Sperging out at a WFP fund-raiser booth… IN JAPAN!

Today I went to study some Japanese in the library. I read the introduction, read the preface and how you are supposed to write kanjis (didn’t know there were 8 guidelines!) and learned my first 10 kanjis all over again. This time I won’t skimp on the On-yomi and kun-yomi, I will learn them for real.

There are so many magazines downstairs and man, they cover EVERYTHING. You got a magazine about interior design, a magazine for starting musicians, magazine about any sport under the sun. Books! Literature! Guidebooks! Troll messages on 2ch! So much stuff to read and I’ll be damned if I won’t be able to read them all! No more this illiteracy crap, I wanna read!

That said, I got hungry and I went for a walk. I decided to get some instant coffee and some fish from the store, but as I was walking to the supermarket, there was a fund-raising booth for the World Food Programme. A chubby man waved me down and I felt curious about this organization.

Chubby man: “Hello, where are you from?”

Well, shit, I guess I just can’t blend in?

Me: “Estonia. So what’s this booth all about?”
Chubby man: “WFP is guaranteeing the countries in need their daily food supply. Would you like to make a monthly donation for our cause?”
Me: “Sorry, I really can’t right now. Maybe later once I am more settled in?”

He made some acknowledging sounds. I was off the hook, but my inner sperg kicked out. You see, back in Estonia, all my friends were spergs more or less, it’s just Estonia. Or maybe I just hanged out with computer programmers, scientists and tinkerers all my time. My friend Erik was a guy who would simply talk about philosophy and disagree on your views just to get a debate going on.

The man courteously explained to me more about WFP. Apparently they support poor children by giving them a nice school meal every day so their parents wouldn’t have to worry about feeding their children as they go to work. OK, I get it, Africa.

I immediately noticed all these client countries were next to a desert. It’s not like these countries are too lazy or too poor to grow their own food. It’s climate change and desertification ravaging their lands, turning their meager arable land into arid wastelands. I had to ask the hard question.

Me: “So what would happen if WFP would stop giving these countries food?”
Chubby man (shocked): “Excuse me?”
Me: “It’s not like we can keep sending them food forever. You know there’s more desert coming on and the world climate is getting hotter and hotter?”

Chubby man acknowledged my problem statement.

Me: “So we grow in Germany or in Russia or anywhere else where and we send them every day, every month, every year food, but one day they will run away from their countries because there won’t nowhere to live in Ethiopia or South Sudan. Does WFP deal with this kind of problem?”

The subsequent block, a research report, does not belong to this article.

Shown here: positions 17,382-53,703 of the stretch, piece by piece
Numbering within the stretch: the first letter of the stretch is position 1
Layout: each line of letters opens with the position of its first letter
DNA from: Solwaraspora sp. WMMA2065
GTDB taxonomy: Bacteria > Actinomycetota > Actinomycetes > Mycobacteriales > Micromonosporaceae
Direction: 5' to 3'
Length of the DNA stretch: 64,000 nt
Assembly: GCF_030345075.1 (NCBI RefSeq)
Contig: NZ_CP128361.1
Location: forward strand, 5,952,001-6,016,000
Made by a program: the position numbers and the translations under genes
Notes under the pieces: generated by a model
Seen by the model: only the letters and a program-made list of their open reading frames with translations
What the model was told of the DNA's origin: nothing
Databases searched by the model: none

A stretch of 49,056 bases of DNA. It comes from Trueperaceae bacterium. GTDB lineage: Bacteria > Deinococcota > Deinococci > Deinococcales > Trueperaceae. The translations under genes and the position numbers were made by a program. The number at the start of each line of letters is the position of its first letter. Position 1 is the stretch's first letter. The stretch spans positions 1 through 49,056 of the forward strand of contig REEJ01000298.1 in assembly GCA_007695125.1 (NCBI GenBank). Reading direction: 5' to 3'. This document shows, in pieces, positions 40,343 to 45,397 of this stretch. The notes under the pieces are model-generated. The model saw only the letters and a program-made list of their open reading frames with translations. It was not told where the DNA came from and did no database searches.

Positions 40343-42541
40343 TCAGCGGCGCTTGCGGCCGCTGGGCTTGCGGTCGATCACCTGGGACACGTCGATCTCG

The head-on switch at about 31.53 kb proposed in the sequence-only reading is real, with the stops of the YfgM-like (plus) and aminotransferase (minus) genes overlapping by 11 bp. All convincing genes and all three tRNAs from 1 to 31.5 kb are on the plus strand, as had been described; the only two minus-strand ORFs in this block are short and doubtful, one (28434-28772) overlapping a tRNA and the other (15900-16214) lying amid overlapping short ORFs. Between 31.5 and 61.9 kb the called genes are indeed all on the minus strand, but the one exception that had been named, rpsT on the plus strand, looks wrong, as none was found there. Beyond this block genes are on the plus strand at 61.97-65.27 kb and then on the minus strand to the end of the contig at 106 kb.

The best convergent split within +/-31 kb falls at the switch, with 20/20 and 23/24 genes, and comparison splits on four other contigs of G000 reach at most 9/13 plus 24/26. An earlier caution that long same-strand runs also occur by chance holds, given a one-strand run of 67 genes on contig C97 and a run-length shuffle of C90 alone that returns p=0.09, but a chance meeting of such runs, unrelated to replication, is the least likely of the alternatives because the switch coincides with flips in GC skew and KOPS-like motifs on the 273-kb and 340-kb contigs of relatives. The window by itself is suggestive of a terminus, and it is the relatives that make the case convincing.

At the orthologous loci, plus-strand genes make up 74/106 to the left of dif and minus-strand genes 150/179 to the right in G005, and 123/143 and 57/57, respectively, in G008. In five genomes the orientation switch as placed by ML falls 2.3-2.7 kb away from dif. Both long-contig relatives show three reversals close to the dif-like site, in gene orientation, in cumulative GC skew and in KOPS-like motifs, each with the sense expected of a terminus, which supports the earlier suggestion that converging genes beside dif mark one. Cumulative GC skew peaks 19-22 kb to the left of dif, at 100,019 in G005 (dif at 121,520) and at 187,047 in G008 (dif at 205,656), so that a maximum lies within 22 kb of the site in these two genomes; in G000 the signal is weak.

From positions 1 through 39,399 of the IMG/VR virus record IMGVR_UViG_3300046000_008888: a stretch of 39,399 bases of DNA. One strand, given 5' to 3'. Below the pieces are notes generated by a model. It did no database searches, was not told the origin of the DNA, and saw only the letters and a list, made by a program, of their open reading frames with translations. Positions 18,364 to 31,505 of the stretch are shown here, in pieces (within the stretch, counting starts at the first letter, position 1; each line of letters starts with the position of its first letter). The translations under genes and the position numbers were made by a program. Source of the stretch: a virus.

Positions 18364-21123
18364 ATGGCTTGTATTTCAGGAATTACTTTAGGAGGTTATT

Chubby man (Flustered): “N-no. Not really. We just send them food”
Me: “I know you and I won’t have any good answers for this problem, but we gotta do something! The situation in Syria happened because they had a serious drought and food prices climbed through the roof! What do you think, what could be done?”

Finally chubby man told me: “Look, I’m just asking for donations over here, okay. WFP deals with sending food for people in need and I’m sorry but I can’t answer you this question.”

I realized I might’ve pressed too hard, but I really appreciated his thoughts on the matter.

Now, I had to do some google search, because there’s no way in hell WFP would simply keep on sending these people food every day and not deal with the root of the problem. I was right. WFP does invest in climate change research and aids in development for more resilient food growth. Also WFP deals with disaster and conflict aid, because it’s actually pretty hard to keep a farm when there’s a war or a natural disaster going on.

What I learned from this experience? First off: I maybe could’ve been a bit better in Japanese, because I ask simple questions but get complex answers. Which is a shortcoming on my part, as I am a curious person and I want to know what’s happening in the world. It’s just the language barrier is the obstacle in this case.

Secondly, I think WFP is doing God’s work and I think if I had more stable income, I would’ve put in some yen. Not monthly, probably, but still something. Food shortage is a serious problem, but so is the imminent climate refugee problem. We gotta do something today, because there’s no other way. Climate wars have already begun, people. Either dig in to your positions or help these people before they become refugees. We can’t let war become the new normal.

 

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